Category Archives: Film Noir

Film Noir Friday: The Man Who Cheated Himself

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Fim Noir Friday: The Man Who Cheated Himself

Drawn into the Noir World by the Classics, there soon comes the need to find something not generally known to the casual fan. There’s the search for every movie that called itself Film Noir, many disappointments. Movies might follow the formula but they fail to deliver.

Set in San Francisco, The Man Who Cheated Himself, with the Hitchcockian title, suggests something sophisticated. This film was well received at the time and generally well thought of in Noir circles. It isn’t bad; it isn’t a real disappointment. After an oddly unbalanced beginning, it makes its way to the ending that had to be.

For you credit watchers, the Special Effects are done by Rex Wimpy.

It opens on masculine hands, Howard Frazer (Harlan Wade), opening a package that contains a revolver. He hides it in a closet containing mink coats and then burns the box and wrapping in the fireplace. He then rigs the balcony door so it won’t lock. His wife arrives, Lois Frazer (Jane Wyatt), and wants to know why he is there. She has the money and she is starting the divorce next week. As he leaves he goads her about her new boyfriend. After he is gone she finds the receipt for the revolver.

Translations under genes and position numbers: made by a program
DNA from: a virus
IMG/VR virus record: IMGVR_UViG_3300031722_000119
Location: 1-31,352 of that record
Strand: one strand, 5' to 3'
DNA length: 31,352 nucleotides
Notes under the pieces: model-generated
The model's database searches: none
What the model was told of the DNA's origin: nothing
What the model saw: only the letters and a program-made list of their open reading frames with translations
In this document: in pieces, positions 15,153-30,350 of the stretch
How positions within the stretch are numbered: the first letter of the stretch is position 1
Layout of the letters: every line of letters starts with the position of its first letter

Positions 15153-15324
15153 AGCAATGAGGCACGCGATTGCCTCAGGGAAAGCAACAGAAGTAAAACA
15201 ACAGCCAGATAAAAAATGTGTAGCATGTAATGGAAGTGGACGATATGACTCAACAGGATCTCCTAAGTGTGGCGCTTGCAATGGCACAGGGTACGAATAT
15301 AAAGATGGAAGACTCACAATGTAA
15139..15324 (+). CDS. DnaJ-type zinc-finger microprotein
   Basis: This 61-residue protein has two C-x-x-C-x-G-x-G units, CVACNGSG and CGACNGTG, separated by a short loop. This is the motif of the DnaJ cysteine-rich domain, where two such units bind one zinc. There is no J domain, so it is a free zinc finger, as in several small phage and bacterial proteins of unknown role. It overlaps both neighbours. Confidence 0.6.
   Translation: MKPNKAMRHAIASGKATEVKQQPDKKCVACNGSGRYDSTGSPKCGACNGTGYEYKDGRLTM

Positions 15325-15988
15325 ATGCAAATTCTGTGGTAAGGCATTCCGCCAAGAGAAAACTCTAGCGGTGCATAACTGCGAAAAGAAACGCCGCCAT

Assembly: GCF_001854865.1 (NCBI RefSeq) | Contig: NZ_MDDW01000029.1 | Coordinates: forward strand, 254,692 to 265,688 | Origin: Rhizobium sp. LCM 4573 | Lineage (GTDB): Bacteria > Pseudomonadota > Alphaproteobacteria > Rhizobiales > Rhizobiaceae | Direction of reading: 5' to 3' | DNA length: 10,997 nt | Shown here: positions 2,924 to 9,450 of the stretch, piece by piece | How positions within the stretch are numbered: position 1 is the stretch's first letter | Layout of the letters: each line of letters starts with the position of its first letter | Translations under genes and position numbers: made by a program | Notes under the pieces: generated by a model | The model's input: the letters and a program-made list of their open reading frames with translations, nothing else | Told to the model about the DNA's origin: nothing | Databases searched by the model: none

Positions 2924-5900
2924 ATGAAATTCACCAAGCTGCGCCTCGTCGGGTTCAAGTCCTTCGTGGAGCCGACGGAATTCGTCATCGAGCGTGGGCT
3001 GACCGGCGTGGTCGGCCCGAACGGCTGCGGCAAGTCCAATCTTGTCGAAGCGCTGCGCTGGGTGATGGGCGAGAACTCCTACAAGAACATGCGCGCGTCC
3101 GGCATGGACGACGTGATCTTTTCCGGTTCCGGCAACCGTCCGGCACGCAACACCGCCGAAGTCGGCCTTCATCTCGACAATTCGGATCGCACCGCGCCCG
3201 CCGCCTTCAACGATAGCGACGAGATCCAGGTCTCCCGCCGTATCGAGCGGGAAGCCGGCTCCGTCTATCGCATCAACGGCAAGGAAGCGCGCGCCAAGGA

This damsel in distress is now hysterical. She calls her new lover, Lt. Ed Cullen (Lee J. Cobb), a homicide detective. When the phone is answered by his brother, Andy Cullen (John Dall), she hangs up. His brother Ed tells him that the Chief had agreed to make Andy his brother’s partner in the Homicide Department. Then Andy tells Ed that some woman called him; Ed knows who it had to be.
It’s made plain that Ed is a womanizer. His brother Andy, an ‘Aw Shucks’ kind of guy tries to tell him about the wonder of a mature relationship. Driving out of the station, Ed runs into his brother’s fiancé Janet (Lisa Howard), tries to convert him to their view of happiness.

After his call to Lois, Ed drives to the big house. It’s dark; Lois lets him in. Overdressed and hysterical, Lois tells him that she found the gun and that she was sure that Howard had seen the letter to her lawyer about a new Will. Certain that he loves her money more than her, she believes that Howard wants to kill her. He has told her that he is flying to Seattle. He sneaks in the balcony door while Lois pulls the gun out of the desk. Quickly, she sees him and shoots him dead, firing three shots; Ed grabs her arm, the third shot is fired into the room.

Lois seems to want to tell the truth about what happened but Ed tells her that the truth can get her 20 years. Ed calls the airport looking for Howard and is told that he is there somewhere but he refuses the suggestion to page him. Ed decides to make it look that Howard was robbed and killed at the airport. After they load the body into Ed’s car, he tells Lois to locate the third bullet.